JS: Right, because Virginia was the most embarrassing loss during Randy Shannon’s tenure.
BR: There was one shining light. That kid (Stephen) Morris who came in. Granted, he did throw a couple picks, but for a young true Freshman to come in and do what he did, I thought that was pretty promising. It looks like we do have a possibility of a backup if something does happen to Jacory again, or as soon as Jacory’s gone.
JS: I think the biggest disservice Randy has done to Jacory is not giving him any competition at the position. When you guys were there, there was competition at every position.
BR: Apparently that’s one of the reasons Clinton Portis left (UM) early. Because Frank Gore was going to take the starting job before he blew his wheel out. And it was sad to say that Frank Gore was going to be the starter over Willis and Portis as a freshman. So, yeah there always is that young kid, or the athletes that just want it more. I remember talking to Frank (Gore) before he even committed to Miami, and talking to him about football, and the whole situation of why he should come to Miami. His main concern was getting his degree. He wanted to graduate because he promised his father figure on his death bed basically that he was going to get his degree; that he wanted to get his degree before he wanted to play on the football field. So, you have guys where the aspiration of going to the NFL will be there, but it’s not the number one reason why you’re going there. You have a desire for other things. You have a desire to become successful, and to not let anybody down. I think that just getting a scholarship to the University of Miami might be winning enough for some of these guys.
JS: What do you say, if the administration does indeed have the attitude where 7 wins and no arrests is a successful season?
BR: All I know is that the guys we won with weren’t exactly on the straight and narrow. We looked it. We acted it. We were great in the community. We put on this nice outside facade where we would shake your hand and take a picture with your kid. But when it came to the field and being with each other it was ‘throw down’ like anything I’ve ever seen. I’ve met guys that, shit, I probably saw on America’s Most Wanted. It was a breed that I’ve never, ever seen before. You got beat up if you didn’t run well enough in the offseason conditioning. You got whooped. It was not acceptable to bring the team down. The team was held to a certain standard. Even with talented guys like EJ, Reggie Wayne and Santana Moss, those guys ran 110 meter in 11 seconds and they did twenty of them in a row. And if you were the fat kid that couldn’t make your time at 18, you got pummeled in the locker room, because you cost everybody else the coach’s faith in you, if you want to call it that. And it didn’t even have to go all the way to the coaches. It had to go to the players. Just being accountable for that guy. If you did not accomplish what everybody else was accomplishing, you were cast out. You were not part of the group. And I don’t know how many guys on that team now are just riding that wave, and just wanna be on that football team, being able to go home and say, yeah I’m wearing my track suit that I got from the ‘dot com’ ‘cc,’” whatever the hell Bowl game they’ve been going to. You know what I mean? It ain’t about wearing the track suit. It’s about playing with the guy next to you. It’s about bleeding with the guy next to you. It’s about not letting him down. Have him go home and talk to his family about you. You know what I mean? Tell them how much of a bad ass this guy is that I play next to. That’s what I did! Four years of my college career, I just talked about how bad ass everybody else was.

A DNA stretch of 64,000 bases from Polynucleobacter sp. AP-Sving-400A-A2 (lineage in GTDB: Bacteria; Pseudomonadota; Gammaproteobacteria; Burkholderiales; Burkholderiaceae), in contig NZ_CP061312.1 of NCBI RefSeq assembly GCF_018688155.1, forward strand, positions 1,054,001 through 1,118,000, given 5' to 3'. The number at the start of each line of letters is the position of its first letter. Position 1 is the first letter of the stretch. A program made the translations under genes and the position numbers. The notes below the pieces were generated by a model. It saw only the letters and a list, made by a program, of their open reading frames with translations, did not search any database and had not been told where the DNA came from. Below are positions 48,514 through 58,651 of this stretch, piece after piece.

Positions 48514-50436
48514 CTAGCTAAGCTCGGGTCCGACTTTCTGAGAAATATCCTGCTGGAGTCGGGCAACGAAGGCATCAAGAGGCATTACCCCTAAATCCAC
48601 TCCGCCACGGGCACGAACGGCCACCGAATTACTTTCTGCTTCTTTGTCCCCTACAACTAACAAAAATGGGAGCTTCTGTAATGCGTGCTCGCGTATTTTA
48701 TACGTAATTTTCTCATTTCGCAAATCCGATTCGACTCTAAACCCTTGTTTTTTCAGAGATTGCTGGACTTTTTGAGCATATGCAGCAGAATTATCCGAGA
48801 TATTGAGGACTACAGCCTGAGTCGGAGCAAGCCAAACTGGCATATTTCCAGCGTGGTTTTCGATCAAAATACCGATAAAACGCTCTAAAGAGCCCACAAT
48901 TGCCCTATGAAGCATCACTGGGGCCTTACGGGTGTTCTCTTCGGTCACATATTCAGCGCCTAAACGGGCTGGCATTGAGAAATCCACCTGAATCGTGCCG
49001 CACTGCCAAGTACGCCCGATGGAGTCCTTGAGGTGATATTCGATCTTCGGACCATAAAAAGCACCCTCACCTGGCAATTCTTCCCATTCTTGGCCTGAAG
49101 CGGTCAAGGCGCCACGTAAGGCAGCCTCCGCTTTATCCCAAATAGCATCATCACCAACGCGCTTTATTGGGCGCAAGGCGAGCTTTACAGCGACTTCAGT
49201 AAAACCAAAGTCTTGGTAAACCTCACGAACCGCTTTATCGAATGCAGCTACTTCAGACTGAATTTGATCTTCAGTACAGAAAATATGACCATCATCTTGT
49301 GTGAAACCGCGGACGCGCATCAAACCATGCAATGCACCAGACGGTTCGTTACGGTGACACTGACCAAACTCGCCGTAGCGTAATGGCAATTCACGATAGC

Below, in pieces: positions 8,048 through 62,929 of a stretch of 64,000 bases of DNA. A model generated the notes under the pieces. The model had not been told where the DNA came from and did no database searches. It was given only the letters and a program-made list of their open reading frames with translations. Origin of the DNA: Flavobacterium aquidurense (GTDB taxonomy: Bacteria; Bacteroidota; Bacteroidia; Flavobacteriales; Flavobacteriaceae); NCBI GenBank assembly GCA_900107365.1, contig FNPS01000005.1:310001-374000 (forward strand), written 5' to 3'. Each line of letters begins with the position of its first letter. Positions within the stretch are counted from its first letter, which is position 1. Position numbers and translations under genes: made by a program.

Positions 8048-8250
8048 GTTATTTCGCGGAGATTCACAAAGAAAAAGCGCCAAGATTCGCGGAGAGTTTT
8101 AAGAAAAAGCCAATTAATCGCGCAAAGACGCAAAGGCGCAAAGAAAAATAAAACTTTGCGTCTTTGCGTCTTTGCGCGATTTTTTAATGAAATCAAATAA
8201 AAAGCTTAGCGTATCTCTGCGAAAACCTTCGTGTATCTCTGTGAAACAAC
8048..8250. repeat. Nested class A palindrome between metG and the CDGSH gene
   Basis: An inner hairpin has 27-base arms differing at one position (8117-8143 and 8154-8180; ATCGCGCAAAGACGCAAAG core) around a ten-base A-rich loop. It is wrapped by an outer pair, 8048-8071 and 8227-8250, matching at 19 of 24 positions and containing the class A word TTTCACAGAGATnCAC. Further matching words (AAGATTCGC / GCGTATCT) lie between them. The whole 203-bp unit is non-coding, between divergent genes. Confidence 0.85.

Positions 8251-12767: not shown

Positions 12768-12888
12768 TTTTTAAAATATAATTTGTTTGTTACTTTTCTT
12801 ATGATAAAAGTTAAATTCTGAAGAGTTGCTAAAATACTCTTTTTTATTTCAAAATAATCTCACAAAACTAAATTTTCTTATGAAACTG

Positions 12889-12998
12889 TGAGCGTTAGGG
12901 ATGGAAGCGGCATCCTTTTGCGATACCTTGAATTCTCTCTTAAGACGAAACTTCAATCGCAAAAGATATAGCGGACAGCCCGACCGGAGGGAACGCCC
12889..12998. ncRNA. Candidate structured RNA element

JS: So the players need to hold themselves accountable, and these guys lack that?
BR: Yeah. Granted, Rob Chudzinski and Larry Coker were awesome coordinators. With the tools they had, they knew how to put everything together. But, you could have brought a high school coach in there once the ship was moving, and he could have accomplished pretty close to what we accomplished. It wasn’t about the coaches. Football is X’s and O’s. You’ve got your schemes and stuff like that, but half the kids out there don’t understand what it is anyway, and can’t comprehend blitz packaging and all that other crap. It’s just basically about you wanting to beat the guy in front of you, and not let him touch your ball-carriers and your playmakers. If you’re beating the crap about the one man that you’re assigned to beat the crap out of, then he’s not gonna touch your ball-carrier, which might not turn over the football, which even if you’re running down the field and the ball comes loose, you can be on top of it and recovering the fumble. I think it’s a cycle of events. It’s an attitude of sheer domination. If I could bottle it and sell it right now, it would be unbelievable.
JS: how do you get that back?
BR: I don’t know, to tell you the truth. Accountability is the one word that jumps out at me. It’s not having the coaches meeting called on Sunday after a game and listening to what the coaches have to say. Obviously it sounds really cliché, but it’s the guys just going in the room, the leader guys, which they’re lacking, obviously. Not talking about Jacory. Jacory has probably spoken to the team enough, and now it kind of becomes redundant, like okay we’ve heard this before, Jacory. It’s the guy who’s kind of been sitting in the wayside, and watching what’s going on; who really hasn’t had his shot yet to play, and him standing up and losing his mind at the team. Granted, everybody might be looking at him, like, who the hell is this guy, but, it will open eyes. It will be like, oh my god, what is this guy talking about right now? A guy who doesn’t have a biased opinion. Granted, yeah, he’d like to be on the field. But this guy has to stand up and open his mouth.
You can listen to the interview here.